PURPOSE: To evaluate the usefulness of the levels of fibrin degradation products (FDPs) and d-dimer (DD) in blood for reflecting the severity of trauma.
PATIENTS AND METHODS: We reviewed medical records of trauma patients who were transferred to the emergency department of Gunma University Hospital between January 2010 and December 2010. The relationships among Injury Severity Score, mean blood pressure, heart rate, hemoglobin, hematocrit, platelet count, fibrinogen, international normalized ratio of prothrombin time, activated partial thromboplastin time, FDP, and DD on arrival were examined in those patients.
RESULTS: A total of 122 patients were included in this study. The coefficients of correlation of FDP (r = 0.710) and DD (r = 0.636) with Injury Severity Score were higher than those of other parameters. In addition, the areas under the receiver operating characteristic curve of FDP and DD were larger than those of other parameters (0.757 and 0.756, respectively). The cutoff value of FDP from the Youden index was 4.70 μg/mL, and the sensitivity and specificity values were 75.9% and 68.4%, respectively. The cutoff value of DD from the Youden index was 2.55 μg/mL, and the sensitivity and specificity values were 75.9% and 73.7%, respectively. There were four patients requiring more than 10 U of red blood cell transfusion within 24 hours after trauma (a unit of red blood cell transfusion is made from 200 mL of whole blood in Japan). In those four patients, the mean values of FDP and DD were 90.8 μg/mL (range, 5.7–160 μg/mL) and 45.3 μg/mL (range, 3.2–66.4 μg/mL), respectively, and those data were much higher than the mean of all patients. The mean values of FDP and DD in four patients who died were 244.6 μg/mL (range, 158.4–420 μg/mL) and 102.8 μg/mL (range, 32.8–240 μg/mL), respectively. Both FDP and DD in patients who died were remarkably elevated immediately after trauma.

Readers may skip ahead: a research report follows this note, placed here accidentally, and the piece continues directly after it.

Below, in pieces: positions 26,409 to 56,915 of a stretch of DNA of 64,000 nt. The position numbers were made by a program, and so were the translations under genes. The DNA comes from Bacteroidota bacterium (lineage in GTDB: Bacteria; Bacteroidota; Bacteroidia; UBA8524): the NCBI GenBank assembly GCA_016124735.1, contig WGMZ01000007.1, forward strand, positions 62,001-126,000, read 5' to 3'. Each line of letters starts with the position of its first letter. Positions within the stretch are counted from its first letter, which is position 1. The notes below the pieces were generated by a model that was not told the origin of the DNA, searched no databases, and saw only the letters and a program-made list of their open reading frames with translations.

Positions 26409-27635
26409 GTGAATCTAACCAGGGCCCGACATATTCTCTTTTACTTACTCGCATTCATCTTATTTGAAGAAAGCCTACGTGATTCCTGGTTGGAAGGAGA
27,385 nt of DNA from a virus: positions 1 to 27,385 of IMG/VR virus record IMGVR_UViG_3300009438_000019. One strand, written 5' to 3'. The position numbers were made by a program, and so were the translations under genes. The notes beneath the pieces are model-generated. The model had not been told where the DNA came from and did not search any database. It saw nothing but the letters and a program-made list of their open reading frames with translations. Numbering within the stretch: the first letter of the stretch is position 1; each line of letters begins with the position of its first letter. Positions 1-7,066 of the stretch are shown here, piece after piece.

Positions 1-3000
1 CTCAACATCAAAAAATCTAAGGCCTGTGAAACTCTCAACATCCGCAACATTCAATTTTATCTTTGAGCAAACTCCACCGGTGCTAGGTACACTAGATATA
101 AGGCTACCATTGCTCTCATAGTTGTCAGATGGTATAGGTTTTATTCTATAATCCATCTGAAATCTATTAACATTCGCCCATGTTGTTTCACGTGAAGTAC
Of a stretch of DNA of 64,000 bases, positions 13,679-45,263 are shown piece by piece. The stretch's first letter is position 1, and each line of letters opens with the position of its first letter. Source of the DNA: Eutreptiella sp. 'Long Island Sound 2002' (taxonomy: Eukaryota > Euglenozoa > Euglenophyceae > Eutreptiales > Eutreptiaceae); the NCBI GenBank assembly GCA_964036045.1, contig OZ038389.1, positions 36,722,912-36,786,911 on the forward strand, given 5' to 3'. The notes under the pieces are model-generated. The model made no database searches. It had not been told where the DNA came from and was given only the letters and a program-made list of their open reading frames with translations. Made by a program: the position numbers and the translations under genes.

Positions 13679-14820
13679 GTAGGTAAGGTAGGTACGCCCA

CONCLUSION: FDP and DD levels may be useful parameters for initial evaluation of the severity of trauma, massive blood transfusion, and mortality.
LEVEL OF EVIDENCE: Prognostic/epidemiological study, level III
From the Department of Emergency Medicine (S.H., K.O., M.A., M.M., K.I., M.K., K.F., T.N.), Gunma University Graduate School of Medicine; Department of General Medicine (Y.O., J.T.), Gunma University Graduate School of Medicine; and Emergency and General Medical Center (S.H., K.O., M.A., M.M., M.K., K.F., T.N., Y.O., J.T.), Gunma University Hospital
Submitted: August 14, 2012; Revised: November 6, 2012; Accepted: November 8, 2012.
Address for reprints: Shuichi Hagiwara, MD, PhD, Assistant Professor, Department of Emergency Medicine, Gunma University Graduate School of Medicine, 3-39-22 Showa-machi, Maebashi, Gunma, 371-8511, Japan; email: email@example.com.